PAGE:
Prisoner Ombudsman retires with no executive to appoint replacement
NORTHERN IRELAND is to be left without a designated Prisoner Ombudsman when Tom McGonigle retires from the post next week.
Mr McGonigle has held the position since 2013.
While he may have been more low-key than the previous ombudsman, Pauline McCabe, he published several damning reports into deaths in custody during his tenure.
Last year he released a report that was highly critical of Maghaberry prison after investigating how vulnerable inmate Sean Lynch was able to inflict "extreme and shocking" self-harm over three days.
The 23-year-old blinded himself, with Mr McGonigle finding that two prison officers watched as he injured himself on more than 20 occasions in an "ordeal" that lasted for over an hour.
A public appointment competition to select a successor to Mr McGonigle was held earlier this year and suitable candidates identified.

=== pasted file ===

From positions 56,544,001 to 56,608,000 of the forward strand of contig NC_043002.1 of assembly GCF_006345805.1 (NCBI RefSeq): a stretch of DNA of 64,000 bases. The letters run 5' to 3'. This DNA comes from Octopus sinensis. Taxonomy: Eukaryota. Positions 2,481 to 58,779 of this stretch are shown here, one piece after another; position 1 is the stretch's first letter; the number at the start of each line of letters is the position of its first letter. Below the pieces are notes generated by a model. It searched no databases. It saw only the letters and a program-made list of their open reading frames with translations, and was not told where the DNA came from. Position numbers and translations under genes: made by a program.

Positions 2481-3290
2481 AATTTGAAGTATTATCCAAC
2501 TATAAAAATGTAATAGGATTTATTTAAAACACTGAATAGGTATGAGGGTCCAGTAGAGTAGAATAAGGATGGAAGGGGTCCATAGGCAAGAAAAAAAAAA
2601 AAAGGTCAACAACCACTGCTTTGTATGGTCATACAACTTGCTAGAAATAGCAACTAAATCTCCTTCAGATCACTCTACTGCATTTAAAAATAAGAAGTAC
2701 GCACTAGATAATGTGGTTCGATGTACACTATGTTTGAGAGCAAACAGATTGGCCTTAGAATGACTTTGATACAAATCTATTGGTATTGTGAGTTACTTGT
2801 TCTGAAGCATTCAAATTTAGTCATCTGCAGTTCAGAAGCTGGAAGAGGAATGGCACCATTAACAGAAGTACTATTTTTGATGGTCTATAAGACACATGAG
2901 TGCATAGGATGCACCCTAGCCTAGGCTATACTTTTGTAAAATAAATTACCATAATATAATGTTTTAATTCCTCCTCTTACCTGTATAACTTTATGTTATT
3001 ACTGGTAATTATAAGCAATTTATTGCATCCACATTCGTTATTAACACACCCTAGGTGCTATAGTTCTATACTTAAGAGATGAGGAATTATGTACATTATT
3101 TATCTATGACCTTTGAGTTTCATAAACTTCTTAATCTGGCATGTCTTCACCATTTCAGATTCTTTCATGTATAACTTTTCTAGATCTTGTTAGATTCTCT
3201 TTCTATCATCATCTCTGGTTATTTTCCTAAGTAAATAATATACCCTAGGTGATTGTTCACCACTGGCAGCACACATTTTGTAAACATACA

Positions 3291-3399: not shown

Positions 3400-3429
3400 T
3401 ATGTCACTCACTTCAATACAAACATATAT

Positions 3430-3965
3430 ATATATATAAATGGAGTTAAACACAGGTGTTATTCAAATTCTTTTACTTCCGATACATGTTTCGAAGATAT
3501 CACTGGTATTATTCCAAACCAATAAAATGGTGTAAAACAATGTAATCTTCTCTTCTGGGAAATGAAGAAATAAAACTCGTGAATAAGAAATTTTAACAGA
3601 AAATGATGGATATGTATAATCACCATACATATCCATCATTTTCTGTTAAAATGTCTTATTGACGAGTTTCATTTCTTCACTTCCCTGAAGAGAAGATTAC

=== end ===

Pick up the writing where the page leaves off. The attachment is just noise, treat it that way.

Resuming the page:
The successful candidate will be announced following the appointment of a justice minister, but with no Stormont executive and talks to restore devolution yet to resume, it is not known when the new ombudsman will take up their role.
In the interim, the chief inspector of Criminal Justice Inspection Northern Ireland, Brendan McGuigan, will oversee the work of the Prisoner Ombudsman's office.
Department of Justice permanent secretary Nick Perry expressed gratitude to Mr McGonigle for his service.
"His professionalism and leadership in office has, without doubt, helped ensure that prisoners and their visitors could have confidence that any concerns they may have had would be independently and thoroughly investigated," he said.
"I am grateful to Brendan McGuigan for undertaking oversight of the office until a new ombudsman is appointed."